First time we met, I don’t remember if I was just jealous she was skinny (with a happy appetite) or if I was thrilled to make a new friend. After spending a few days on her blog, a depth to her was opened to me, and she’s been one of my favorite people ever since!
Say hello to Dosh!
My name is Elizabeth “Dosh” Mabonga and I am Ugandan, Nigerian and American. Biologically, I am only two of these and legally, I am also just two but together, they have contributed to making me who I am so I claim all three without shame or favor. My church owns a school and I work at the Early Education Center, teaching school aged children in the after-school program. I am also a graduate student hoping to earn my Masters in Clinical Mental Health Counseling by the end of next year.
The biggest lesson I learnt (and I am still learning) this year is silence. My filters don’t work right but life has taught me to shut my big mouth and let some things be. Not every opinion needs to be heard, not every emotion needs to be expressed and not every err needs to be pointed out. I am gradually learning to love the silence and discover the secrets to it; how to smile with just my heart, hurt passively, go around like a ninja… unseen and unheard.
The thing I am most grateful for this year is that I got to go home, to Nigeria. My mother is so technologically handicapped that she refuses to get a smart smart-phone or learn how to turn on a computer so I only get to see her on the rare occasion that she dedicates 30 minutes to taking and texting me a picture. Concrete mumu that my genes are, they decided to inherit some of this disorder. On a brighter note, going home meant I got to spend time with her, get breakfast in bed, eat pounded yam nine times in less than two weeks and have someone fuss over me round the clock. Priceless!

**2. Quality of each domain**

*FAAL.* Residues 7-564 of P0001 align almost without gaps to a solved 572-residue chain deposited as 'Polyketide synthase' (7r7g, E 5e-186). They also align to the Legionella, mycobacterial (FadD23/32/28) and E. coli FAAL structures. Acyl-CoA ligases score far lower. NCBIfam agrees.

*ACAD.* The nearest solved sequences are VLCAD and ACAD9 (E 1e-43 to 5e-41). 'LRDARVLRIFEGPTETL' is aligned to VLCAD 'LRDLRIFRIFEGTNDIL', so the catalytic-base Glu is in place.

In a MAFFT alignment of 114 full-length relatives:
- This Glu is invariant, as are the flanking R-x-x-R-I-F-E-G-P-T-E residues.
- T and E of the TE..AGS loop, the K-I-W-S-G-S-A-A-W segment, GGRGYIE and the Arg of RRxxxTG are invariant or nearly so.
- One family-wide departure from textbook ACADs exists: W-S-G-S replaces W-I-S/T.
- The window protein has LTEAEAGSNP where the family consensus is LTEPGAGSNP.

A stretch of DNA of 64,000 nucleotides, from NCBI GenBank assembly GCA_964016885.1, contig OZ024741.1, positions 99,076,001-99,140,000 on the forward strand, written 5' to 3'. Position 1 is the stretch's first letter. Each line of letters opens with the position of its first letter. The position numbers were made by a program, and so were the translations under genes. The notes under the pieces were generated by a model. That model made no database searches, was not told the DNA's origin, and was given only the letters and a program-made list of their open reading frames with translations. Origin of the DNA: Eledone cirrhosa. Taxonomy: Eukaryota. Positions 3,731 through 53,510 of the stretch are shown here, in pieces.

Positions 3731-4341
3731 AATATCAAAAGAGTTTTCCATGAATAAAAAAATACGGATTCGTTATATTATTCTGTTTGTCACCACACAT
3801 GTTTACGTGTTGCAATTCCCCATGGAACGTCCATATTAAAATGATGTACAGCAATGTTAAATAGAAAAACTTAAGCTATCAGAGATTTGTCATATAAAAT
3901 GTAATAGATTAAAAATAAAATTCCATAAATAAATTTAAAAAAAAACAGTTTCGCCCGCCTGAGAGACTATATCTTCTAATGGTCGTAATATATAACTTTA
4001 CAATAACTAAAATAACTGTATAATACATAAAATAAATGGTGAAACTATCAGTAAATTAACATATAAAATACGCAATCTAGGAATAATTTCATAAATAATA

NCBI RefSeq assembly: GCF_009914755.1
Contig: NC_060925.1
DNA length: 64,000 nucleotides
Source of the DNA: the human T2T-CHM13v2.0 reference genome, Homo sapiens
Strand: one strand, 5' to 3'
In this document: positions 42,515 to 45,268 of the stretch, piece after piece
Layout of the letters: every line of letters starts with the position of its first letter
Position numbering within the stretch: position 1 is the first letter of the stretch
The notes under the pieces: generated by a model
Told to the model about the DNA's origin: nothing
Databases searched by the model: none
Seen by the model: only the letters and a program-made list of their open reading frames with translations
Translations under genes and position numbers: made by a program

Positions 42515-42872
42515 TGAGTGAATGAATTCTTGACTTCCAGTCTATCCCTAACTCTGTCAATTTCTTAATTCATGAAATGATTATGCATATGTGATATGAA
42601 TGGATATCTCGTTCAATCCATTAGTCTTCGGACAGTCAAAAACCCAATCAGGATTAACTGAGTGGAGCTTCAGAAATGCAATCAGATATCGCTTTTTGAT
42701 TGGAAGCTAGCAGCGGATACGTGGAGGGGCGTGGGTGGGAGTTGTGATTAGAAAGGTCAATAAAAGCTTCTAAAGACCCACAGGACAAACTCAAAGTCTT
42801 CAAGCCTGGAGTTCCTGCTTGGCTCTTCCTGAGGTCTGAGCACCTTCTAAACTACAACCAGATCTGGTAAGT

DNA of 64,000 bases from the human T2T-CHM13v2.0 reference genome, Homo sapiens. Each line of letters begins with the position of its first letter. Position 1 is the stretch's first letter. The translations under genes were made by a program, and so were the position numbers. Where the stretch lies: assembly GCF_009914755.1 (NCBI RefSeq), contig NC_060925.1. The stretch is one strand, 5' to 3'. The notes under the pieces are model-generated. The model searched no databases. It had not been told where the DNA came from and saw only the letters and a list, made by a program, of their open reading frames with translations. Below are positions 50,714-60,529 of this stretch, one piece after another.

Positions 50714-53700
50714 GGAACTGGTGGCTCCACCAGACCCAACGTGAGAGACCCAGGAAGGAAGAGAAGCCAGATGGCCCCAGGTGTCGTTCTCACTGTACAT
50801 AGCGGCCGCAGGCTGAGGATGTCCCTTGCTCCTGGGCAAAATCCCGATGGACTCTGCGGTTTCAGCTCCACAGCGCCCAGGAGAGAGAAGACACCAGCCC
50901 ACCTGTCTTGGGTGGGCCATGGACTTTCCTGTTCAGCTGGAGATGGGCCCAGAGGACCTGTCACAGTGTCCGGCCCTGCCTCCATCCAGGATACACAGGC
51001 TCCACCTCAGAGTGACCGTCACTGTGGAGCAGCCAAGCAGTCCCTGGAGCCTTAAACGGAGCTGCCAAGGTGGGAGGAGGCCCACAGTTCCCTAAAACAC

I read somewhere that “people take care of those they love and those who love in return are willing to accept that caretaking”. If I could do one thing differently this year, it would be to open my eyes to the depth of my relationships. I took some friends for granted and placed those who couldn’t care less about me on a pedestal. When people love you, they love all of you, tolerate your dark side and call you out on your foolishness. Unfortunately, it took a whole and three-quarters of foolishness to for me to realize this. Most of all, I hurt some of my favorite people in the world by not sharing my problems with them. I don’t think I understood how possible this was till they confronted me about it and counted instances in the past when I didn’t let them in. I grew up as an only child and learnt long ago to depend on just myself, my mother and my God so opening up and confiding in best friends/romantic partners is new territory.
In the end, I feel like a 5-year old who is learning the appropriate times to speak up and when to remain silent. In speaking up, I am learning that it is alright to seek comfort from the people who love me but not to yarn my church mind ever so often. In hushing up, I am rediscovering the secrets to silence, and the quiet is deafening.